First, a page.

Here's a reminder of the earlier artwork:
At the time, I said, "it does seem a little bare compared to its predecessor (I always liked the coins and blood on the BSC cover; lovely little detail)."
OMG NOW LOOK:
See? How much cooler does it look with a bit of blood splashed across it? By the way, this updated artwork comes courtesy of the Mad Hatter's Bookshelf (who magically always seems to be the first to unearth new artwork).
While we're at it, here's the recent blurb:
They say Black Dow's killed more men than winter, and clawed his way to the throne of the North up a hill of skulls. The King of the Union, ever a jealous neighbour, is not about to stand smiling by while he claws his way any higher. The orders have been given and the armies are toiling through the northern mud. Thousands of men are converging on a forgotten ring of stones, on a worthless hill, in an unimportant valley, and they've brought a lot of sharpened metal with them.
Bremer dan Gorst, disgraced master swordsman, has sworn to reclaim his stolen honour on the battlefield. Obsessed with redemption and addicted to violence, he's far past caring how much blood gets spilled in the attempt. Even if it's his own.
Prince Calder isn't interested in honour, and still less in getting himself killed. All he wants is power, and he'll tell any lie, use any trick, and betray any friend to get it. Just as long as he doesn't have to fight for it himself.
Curnden Craw, the last honest man in the North, has gained nothing from a life of warfare but swollen knees and frayed nerves. He hardly even cares who wins any more, he just wants to do the right thing. But can he even tell what that is with the world burning down around him?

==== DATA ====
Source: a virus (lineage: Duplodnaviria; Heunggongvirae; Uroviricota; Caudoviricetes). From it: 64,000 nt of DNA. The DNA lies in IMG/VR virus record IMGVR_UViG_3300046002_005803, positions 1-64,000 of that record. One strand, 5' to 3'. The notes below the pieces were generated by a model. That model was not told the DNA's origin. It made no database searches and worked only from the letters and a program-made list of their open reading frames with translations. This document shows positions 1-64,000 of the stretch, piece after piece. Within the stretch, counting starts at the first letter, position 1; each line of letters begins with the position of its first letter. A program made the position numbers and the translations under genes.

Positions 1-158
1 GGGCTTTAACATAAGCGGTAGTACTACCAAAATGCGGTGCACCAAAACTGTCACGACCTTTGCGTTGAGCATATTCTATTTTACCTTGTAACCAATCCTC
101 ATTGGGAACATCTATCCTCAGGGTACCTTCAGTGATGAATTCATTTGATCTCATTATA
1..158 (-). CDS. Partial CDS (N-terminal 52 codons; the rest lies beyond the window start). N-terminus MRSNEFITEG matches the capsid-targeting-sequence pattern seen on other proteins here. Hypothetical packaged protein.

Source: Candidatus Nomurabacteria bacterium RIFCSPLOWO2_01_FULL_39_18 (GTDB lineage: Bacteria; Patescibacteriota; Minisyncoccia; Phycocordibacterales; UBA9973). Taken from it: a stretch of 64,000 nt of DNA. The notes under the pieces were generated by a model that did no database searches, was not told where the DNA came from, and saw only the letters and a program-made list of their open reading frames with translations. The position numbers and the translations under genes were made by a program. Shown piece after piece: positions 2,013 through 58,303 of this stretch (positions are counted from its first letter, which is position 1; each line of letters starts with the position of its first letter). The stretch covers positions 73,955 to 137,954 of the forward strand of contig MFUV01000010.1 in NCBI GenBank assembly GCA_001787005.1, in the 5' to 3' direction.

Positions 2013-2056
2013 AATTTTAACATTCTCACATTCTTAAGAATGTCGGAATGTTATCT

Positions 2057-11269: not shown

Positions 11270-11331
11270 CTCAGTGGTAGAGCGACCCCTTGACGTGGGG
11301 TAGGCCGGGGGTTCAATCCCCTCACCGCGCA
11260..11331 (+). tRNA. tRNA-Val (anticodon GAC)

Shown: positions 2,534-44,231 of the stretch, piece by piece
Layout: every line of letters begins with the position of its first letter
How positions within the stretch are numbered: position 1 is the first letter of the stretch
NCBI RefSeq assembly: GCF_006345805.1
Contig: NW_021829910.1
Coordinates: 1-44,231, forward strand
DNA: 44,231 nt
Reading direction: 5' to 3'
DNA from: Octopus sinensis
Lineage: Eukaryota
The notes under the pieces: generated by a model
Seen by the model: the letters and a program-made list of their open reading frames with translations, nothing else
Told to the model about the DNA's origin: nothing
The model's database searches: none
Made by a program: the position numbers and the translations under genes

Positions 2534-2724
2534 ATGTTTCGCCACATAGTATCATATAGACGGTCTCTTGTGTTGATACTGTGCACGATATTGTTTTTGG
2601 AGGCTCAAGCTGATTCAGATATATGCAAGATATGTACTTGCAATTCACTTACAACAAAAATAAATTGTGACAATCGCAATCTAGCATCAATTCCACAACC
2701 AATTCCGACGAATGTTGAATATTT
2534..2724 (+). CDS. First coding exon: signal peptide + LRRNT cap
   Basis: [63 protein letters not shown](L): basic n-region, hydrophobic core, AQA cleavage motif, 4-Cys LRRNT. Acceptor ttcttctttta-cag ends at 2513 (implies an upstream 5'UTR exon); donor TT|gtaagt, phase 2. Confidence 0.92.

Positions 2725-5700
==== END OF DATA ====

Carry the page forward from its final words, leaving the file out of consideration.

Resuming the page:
Over three bloody days of battle, the fate of the North will be decided. But with both sides riddled by intrigues, follies, feuds and petty jealousies, it is unlikely to be the noblest hearts, or even the strongest arms that prevail.
Three men. One battle. No Heroes.
Sounds pretty cool - the northern sequences in The First Law trilogy were easily my favourites, so I'm hopeful of liking The Heroes a lot more than I liked Best Served Cold.
In case you've not seen it, there's a generous sneak preview available on the Gollancz blog.
The Heroes is slated for release on 20 January 2011.
Anything would be better than the nihilism of Best Served Cold.
I don't know why people were so surprised by the 'nihilism' of Best Served Cold. Joe told us in his blog that the book would be reminiscent of the film Point Blank which starred the late, great Lee Marvin.
It ain't exactly a barrel of laughs as movies go and the characters are all of varying shades of black with Lee Marvin wreaking a bloody revenge after being double crossed. So why the criticism or feeling that it was TOO GRITTY, TOO DARK? This was a recurring thread on the old fantasy fora.
Maybe Joe got fed up with every man and his dog describing his First Law trilogy as dark and gritty so he decided to show us just how dark and gritty he could be.
I found it rather fun and....DARK, NIHILISTIC AND GRITTY!!!
Apparently, Heroes is partly inspired by epic World War Two movies such a A Bridge Too Far. It will be very interesting to see how he translates that into the First Law world.
Btw James, your appreciation of Winter Warriors impressed me so much it drove me into the attic where I dug out my copy. Ah, the balm of slipping into a David Gemmell novel. Bliss.
Iain: it wasn't the nihilism of BSC that I didn't get on with - it was the fact that I just couldn't bring myself to care about the characters and what happened to them. I found them to be rather dull, on the whole - not at all like the entertaining characters in the first trilogy. I don't think this will be a problem with The Heroes, so expect to like it more.
As for Winter Warriors, enjoy. Wonderful book.
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